I’ve spent endless nights in the mountains. I’ve done this more after my Mom passed away. It’s like as the stars shine, I see her smile reflected in them. However, despite my deep emotions, I had never managed to capture the graceful arc of the Milky Way. Especially trying to photograph a panorama of the celestial highway. That was until one early morning – 2am to be precise – where I found myself at the Moccasin Creek State Park.

I entered the Park imagining that the very heart of the Milky Way would be reflecting keenly on the surface of Lake Burton. But we are but an infinitesimal speck in front of the majesty and working of way of Mother Nature. So even after two hours of driving up north from Atlanta – despite seeing the waning moon still gleaming all the way through – I was still at the mercy of Nature’s doing. Thankfully, she was at my side.

The vast expanse of the moonlit sky was bathed in countless stars. Breathing the damp mountain air, the Milky Way began to emerge gradually. But it was too close to the horizon, and my heart sank again in expectation of another failed attempt. I told my heart to be still. I argued with the clouds, pleaded with the horizon, fought with the elements for a whole two hours more.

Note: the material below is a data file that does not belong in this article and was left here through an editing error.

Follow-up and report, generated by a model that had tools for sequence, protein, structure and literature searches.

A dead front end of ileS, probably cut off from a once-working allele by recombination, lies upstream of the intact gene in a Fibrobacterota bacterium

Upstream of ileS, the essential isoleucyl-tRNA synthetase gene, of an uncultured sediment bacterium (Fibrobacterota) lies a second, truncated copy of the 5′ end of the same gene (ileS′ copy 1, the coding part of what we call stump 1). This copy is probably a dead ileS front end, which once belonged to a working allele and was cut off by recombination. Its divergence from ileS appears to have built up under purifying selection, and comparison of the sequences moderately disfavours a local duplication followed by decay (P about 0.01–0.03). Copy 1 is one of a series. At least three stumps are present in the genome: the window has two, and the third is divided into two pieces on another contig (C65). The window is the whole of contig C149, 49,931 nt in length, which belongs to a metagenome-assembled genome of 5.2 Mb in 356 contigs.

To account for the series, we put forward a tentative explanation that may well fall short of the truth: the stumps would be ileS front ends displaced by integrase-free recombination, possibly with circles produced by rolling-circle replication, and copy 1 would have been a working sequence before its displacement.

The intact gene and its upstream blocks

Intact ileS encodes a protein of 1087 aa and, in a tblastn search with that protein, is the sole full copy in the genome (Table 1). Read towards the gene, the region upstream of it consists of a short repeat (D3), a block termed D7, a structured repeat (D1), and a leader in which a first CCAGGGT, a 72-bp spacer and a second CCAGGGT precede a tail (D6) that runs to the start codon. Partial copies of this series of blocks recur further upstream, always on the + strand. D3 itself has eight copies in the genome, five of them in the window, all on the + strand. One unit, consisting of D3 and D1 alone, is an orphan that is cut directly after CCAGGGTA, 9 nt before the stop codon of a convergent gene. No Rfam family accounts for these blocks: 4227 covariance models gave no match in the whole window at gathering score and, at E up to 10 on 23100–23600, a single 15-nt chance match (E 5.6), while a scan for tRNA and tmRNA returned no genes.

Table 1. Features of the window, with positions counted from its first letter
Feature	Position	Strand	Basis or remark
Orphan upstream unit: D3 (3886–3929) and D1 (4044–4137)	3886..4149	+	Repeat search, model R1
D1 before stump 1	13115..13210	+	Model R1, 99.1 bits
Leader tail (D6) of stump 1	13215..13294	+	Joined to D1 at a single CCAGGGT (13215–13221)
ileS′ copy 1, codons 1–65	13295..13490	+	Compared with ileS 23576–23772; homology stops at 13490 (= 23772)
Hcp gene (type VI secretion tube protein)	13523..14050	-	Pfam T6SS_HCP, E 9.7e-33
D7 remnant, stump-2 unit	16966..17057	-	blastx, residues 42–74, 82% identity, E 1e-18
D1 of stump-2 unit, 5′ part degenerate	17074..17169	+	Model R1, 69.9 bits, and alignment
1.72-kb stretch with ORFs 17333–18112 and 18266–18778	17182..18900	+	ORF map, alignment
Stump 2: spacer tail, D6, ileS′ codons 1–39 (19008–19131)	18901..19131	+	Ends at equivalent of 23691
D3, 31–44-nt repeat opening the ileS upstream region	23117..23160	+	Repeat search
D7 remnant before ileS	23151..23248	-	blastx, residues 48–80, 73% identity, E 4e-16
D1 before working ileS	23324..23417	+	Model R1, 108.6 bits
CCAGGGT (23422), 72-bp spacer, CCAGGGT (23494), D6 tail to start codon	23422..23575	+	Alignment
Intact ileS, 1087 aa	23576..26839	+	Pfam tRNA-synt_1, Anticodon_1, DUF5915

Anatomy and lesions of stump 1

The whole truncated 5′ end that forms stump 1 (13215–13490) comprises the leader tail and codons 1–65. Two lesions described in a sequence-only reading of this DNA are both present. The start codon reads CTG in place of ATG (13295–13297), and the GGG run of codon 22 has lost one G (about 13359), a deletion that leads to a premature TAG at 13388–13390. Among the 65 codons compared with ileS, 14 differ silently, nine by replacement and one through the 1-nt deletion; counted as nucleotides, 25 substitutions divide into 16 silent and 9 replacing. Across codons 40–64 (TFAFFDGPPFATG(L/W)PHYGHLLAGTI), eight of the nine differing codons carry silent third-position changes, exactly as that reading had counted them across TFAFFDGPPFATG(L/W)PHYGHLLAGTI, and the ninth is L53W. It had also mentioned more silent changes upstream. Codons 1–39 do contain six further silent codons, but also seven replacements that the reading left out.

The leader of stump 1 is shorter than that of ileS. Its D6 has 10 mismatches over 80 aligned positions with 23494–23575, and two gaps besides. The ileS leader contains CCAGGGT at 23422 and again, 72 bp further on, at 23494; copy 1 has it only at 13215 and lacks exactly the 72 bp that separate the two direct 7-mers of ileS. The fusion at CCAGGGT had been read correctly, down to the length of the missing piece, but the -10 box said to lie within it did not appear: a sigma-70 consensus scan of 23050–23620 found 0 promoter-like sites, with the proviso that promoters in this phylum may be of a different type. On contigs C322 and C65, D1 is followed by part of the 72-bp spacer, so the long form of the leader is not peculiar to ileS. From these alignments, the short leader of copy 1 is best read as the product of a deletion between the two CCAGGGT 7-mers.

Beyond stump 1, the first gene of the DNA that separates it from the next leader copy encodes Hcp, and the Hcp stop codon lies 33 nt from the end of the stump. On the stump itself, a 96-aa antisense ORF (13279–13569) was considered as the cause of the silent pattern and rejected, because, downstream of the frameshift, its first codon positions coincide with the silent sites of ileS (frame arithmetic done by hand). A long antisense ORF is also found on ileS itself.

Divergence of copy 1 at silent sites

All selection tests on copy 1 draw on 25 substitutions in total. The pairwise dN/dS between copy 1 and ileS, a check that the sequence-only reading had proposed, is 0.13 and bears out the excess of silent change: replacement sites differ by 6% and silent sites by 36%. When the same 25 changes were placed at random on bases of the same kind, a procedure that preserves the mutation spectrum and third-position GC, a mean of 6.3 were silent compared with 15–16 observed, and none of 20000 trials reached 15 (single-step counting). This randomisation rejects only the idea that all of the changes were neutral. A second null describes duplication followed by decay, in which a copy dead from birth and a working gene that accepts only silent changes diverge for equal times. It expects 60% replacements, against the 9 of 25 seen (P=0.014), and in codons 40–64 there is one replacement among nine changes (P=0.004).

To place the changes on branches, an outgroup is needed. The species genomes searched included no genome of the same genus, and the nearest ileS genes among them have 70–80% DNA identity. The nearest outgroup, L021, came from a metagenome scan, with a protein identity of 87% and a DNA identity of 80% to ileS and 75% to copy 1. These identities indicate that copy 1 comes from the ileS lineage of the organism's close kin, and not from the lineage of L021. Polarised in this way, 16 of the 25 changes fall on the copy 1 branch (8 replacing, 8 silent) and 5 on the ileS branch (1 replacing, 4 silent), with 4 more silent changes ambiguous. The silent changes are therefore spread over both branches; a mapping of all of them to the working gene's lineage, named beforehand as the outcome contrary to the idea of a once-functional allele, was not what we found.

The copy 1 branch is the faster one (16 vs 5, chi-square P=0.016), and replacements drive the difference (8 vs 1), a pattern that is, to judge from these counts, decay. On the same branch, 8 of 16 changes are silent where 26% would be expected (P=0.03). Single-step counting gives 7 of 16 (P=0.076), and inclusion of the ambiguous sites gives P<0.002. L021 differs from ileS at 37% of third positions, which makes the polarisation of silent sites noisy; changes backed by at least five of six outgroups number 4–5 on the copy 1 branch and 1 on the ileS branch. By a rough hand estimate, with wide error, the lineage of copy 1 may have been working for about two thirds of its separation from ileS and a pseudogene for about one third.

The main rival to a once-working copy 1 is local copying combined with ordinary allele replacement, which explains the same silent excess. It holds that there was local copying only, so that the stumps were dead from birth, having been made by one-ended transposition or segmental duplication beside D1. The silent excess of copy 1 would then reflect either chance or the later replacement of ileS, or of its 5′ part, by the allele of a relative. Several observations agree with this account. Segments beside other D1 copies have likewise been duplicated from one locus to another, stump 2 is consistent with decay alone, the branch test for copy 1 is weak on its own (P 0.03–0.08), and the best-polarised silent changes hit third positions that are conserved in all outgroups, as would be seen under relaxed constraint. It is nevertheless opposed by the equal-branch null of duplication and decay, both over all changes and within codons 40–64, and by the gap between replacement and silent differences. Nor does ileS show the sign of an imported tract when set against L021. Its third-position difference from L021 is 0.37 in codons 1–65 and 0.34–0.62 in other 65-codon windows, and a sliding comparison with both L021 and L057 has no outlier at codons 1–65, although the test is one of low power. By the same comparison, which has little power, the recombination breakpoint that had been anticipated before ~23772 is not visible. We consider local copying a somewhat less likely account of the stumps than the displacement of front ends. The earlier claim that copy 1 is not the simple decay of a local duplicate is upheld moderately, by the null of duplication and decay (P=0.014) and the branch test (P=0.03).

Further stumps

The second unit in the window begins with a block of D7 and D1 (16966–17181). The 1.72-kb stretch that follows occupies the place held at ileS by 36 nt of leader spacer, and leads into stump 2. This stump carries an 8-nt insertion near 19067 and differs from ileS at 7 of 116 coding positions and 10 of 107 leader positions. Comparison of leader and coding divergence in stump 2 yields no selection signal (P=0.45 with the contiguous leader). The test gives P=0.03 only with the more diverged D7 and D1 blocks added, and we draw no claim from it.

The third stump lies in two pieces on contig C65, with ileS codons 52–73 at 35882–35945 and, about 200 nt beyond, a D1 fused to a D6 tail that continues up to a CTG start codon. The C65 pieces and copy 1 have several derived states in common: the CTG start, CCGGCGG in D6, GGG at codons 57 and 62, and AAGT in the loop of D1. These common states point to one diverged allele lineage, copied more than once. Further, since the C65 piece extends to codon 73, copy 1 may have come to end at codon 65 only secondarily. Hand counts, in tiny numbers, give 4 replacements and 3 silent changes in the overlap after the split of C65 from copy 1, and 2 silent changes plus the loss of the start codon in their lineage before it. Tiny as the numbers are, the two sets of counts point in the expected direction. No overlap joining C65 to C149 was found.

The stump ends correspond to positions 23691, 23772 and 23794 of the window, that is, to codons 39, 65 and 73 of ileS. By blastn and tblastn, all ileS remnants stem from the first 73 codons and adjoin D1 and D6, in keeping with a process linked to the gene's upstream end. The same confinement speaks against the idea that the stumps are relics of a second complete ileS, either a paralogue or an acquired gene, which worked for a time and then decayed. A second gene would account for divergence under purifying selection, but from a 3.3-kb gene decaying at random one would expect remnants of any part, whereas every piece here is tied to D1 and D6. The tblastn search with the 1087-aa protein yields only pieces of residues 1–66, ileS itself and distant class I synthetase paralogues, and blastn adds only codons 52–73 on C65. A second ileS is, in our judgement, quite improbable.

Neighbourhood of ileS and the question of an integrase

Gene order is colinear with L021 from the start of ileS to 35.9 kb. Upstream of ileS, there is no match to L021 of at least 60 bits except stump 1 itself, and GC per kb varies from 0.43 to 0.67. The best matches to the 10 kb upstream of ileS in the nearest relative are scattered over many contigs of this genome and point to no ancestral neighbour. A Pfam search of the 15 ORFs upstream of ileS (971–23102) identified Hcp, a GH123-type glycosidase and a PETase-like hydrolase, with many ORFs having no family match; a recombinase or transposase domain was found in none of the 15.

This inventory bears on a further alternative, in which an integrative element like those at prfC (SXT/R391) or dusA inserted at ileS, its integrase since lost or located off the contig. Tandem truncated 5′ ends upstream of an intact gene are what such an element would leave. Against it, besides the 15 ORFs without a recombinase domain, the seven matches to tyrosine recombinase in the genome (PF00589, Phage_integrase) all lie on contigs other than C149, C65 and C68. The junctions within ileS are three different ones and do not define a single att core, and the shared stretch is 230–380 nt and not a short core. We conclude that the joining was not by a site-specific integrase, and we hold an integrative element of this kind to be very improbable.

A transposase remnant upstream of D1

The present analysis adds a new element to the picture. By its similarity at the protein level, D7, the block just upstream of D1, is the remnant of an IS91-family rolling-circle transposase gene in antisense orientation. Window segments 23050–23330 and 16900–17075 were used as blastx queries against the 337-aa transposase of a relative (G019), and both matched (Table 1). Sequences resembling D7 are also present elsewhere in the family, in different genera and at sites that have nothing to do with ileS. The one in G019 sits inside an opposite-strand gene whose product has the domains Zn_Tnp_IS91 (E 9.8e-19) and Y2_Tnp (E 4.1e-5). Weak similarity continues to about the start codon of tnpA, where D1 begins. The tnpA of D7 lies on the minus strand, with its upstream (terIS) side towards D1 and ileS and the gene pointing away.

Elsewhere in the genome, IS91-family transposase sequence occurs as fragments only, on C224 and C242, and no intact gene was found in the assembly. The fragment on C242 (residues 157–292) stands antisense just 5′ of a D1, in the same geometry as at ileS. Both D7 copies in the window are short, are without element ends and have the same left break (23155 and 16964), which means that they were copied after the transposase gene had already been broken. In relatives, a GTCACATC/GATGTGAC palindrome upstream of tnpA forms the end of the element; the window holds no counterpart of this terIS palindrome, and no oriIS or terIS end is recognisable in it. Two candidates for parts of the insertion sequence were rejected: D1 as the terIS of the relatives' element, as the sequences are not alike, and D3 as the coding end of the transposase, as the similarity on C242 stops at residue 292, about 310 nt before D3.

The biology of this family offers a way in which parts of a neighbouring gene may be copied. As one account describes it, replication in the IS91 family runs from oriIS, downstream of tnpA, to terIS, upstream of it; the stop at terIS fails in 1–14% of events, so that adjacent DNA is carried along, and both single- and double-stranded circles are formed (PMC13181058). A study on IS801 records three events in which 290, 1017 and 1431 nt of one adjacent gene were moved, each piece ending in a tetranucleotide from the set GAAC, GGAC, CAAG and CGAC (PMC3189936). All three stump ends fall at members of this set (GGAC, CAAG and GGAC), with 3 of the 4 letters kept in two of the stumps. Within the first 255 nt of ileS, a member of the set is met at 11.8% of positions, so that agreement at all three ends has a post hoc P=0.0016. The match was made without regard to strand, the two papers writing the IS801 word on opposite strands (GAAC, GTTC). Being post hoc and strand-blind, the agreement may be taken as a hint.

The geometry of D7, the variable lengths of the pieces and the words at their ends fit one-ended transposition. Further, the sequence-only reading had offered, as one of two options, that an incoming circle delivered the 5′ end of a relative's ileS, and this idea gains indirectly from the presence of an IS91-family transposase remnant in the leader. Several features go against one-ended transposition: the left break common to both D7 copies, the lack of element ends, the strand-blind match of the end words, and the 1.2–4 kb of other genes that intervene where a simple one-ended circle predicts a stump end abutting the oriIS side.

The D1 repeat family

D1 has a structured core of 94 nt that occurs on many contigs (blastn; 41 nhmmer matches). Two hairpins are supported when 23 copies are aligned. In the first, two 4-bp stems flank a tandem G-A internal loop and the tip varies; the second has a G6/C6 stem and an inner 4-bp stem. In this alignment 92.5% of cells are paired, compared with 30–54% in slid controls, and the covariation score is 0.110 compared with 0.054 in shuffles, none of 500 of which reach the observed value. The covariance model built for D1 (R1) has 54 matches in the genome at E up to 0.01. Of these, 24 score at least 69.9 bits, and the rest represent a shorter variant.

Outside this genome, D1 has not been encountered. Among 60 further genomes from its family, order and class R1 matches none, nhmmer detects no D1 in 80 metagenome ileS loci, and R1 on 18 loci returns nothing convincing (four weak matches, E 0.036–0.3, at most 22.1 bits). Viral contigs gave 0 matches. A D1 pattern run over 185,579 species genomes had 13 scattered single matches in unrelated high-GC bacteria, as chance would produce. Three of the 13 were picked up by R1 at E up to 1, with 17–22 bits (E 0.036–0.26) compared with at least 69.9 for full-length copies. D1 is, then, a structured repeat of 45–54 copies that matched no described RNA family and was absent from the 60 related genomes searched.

Mother Nature smiled. And acceded. I had snapped what I wanted. I had snatched a victory dance from the vertical panels of the complete arc. As soon as I had my money shot, as if on cue, the clouds began to move in again. A knowing smile of thankfulness escaped my lips.

And why not? Under the tapestry of the celestial beauty, it wasn’t just Mother Nature that had blessed me with her awe-inspiring sight. Even my dear Mother had showered her blessings on me. It was a poignant, yet memorable moment.

I spoke to the stars. I spoke to Mom. I spoke my heart out – laughter, tears, feelings, joy – a cornucopia of emotions accosted my very being.

I do believe what they say now – we do become stars after we pass away.